In the course of the challenges posed by the coronavirus SARS-CoV-2 and Covid-19 pandemic, the scientists of the Harding Center for Risk Literacy have compiled known facts in a way they can be easily understood. The materials we provide may be used free of charge.
What are the risks associated with electronic patient records, medical diagnosis by artificial intelligence and the use of health apps? To what extent can participation in cancer screening programmes prevent dying from cancer? These and similar questions are addressed by the Harding Center for Risk Literacy. We research, develop, and publish methods and tools that enable informed, risk literate, and efficient decisions in an increasingly digitalized world. We support experts and organizations to communicate facts accurately, transparently, and comprehensibly and contribute towards the ideal of a democratic society that knows how to calculate risks and live with uncertainty.
In the ARCADE research program (adaptive rational cognition in algorithmic decision environments), we develop empowerment strategies for critical interaction with and control of algorithmic decision environments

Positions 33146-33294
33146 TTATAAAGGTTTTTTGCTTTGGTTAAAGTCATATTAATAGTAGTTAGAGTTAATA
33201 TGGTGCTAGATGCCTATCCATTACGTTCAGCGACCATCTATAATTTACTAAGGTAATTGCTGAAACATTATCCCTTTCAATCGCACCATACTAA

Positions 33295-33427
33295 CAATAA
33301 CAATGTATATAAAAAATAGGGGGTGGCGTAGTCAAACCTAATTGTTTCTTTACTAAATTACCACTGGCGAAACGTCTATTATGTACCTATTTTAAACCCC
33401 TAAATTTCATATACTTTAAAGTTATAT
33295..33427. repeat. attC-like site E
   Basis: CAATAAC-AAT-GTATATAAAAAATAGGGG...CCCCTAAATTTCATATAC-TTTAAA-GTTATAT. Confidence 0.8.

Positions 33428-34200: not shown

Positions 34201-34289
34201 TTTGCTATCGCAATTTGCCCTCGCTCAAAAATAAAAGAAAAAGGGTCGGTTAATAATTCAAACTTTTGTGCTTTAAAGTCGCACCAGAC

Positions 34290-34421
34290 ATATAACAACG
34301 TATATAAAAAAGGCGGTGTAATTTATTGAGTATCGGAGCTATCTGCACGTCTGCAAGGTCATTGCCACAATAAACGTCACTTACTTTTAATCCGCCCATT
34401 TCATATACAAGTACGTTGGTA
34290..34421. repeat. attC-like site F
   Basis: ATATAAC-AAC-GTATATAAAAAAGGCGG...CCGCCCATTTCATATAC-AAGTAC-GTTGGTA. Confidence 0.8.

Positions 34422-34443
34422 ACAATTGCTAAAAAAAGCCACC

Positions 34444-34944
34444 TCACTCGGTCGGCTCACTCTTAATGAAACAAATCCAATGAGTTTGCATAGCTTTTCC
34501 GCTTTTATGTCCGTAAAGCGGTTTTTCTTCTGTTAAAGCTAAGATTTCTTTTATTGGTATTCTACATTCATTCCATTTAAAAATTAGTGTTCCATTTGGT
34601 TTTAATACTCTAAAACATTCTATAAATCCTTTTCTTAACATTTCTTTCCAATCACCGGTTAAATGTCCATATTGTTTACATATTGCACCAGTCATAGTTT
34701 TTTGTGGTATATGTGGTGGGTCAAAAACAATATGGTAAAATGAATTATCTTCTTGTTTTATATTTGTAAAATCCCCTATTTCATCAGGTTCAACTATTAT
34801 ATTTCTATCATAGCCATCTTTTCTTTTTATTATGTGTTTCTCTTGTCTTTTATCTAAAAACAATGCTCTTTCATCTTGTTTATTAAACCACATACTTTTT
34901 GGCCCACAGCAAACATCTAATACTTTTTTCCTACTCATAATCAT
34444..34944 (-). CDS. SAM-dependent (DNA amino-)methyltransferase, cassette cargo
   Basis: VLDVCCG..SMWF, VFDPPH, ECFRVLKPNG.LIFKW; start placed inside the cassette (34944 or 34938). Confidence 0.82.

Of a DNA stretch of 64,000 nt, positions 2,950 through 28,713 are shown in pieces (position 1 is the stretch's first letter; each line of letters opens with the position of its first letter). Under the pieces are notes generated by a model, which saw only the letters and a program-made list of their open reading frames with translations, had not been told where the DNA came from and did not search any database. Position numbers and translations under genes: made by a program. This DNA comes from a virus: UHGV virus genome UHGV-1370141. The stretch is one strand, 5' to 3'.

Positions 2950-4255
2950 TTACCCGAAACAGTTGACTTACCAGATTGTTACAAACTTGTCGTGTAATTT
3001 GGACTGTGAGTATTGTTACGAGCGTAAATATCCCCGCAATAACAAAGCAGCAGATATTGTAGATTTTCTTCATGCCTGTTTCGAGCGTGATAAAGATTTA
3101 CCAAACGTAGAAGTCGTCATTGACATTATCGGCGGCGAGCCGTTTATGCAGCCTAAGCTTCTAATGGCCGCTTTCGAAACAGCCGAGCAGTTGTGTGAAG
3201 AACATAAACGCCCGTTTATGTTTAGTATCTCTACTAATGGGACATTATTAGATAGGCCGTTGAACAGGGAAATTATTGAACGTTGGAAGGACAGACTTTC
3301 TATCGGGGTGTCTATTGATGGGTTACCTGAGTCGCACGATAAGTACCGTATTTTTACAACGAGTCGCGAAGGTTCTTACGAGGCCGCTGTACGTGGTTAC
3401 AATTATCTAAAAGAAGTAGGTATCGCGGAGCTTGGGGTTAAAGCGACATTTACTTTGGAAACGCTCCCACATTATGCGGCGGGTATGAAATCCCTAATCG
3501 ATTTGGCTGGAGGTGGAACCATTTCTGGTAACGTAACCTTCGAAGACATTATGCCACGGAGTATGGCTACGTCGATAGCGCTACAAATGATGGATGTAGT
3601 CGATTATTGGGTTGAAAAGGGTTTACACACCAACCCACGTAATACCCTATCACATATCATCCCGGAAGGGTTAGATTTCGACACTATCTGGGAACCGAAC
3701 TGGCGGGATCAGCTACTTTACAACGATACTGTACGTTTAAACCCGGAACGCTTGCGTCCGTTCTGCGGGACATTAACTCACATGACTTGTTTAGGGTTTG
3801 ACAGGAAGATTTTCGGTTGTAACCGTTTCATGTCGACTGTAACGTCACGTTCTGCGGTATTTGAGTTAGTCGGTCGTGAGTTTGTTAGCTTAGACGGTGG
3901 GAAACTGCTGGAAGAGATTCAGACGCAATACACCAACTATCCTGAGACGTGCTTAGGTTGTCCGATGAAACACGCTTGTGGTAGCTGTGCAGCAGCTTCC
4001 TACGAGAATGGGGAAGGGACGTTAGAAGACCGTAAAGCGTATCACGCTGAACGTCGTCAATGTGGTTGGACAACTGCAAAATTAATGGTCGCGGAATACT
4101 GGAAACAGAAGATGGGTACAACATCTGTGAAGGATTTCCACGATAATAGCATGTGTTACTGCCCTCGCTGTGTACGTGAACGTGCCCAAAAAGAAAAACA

Risk and Evidence Communication
The research group Risk and Evidence Communication develops strategies to communicate about and better understand scientific evidence.
Cognitive science and AI-based decision support systems combine the strengths of human cognition with powerful machine learning algorithms to foster accurate, transparent and comprehensible decisions.
Bad Statistic of the Month
The Bad Statistic of the Month (“Unstatistik des Monats”, only available in German) has been published monthly since 2012. Every month, the authors question recently published statistics and their interpretations. The underlying aim is to help the public deal with data and facts more rationally, interpret numerical representations of reality correctly, and describe an increasingly complex world more adequately.
TED Talk: Risk Literacy
Winton Centre for Risk and Evidence Communication
Our sister center, the Winton Centre for Risk and Evidence Communication, opened its doors in November 2016 in Cambridge, UK. It aims to ensure that quantitative evidence and risk is presented to people in a fair and balanced way.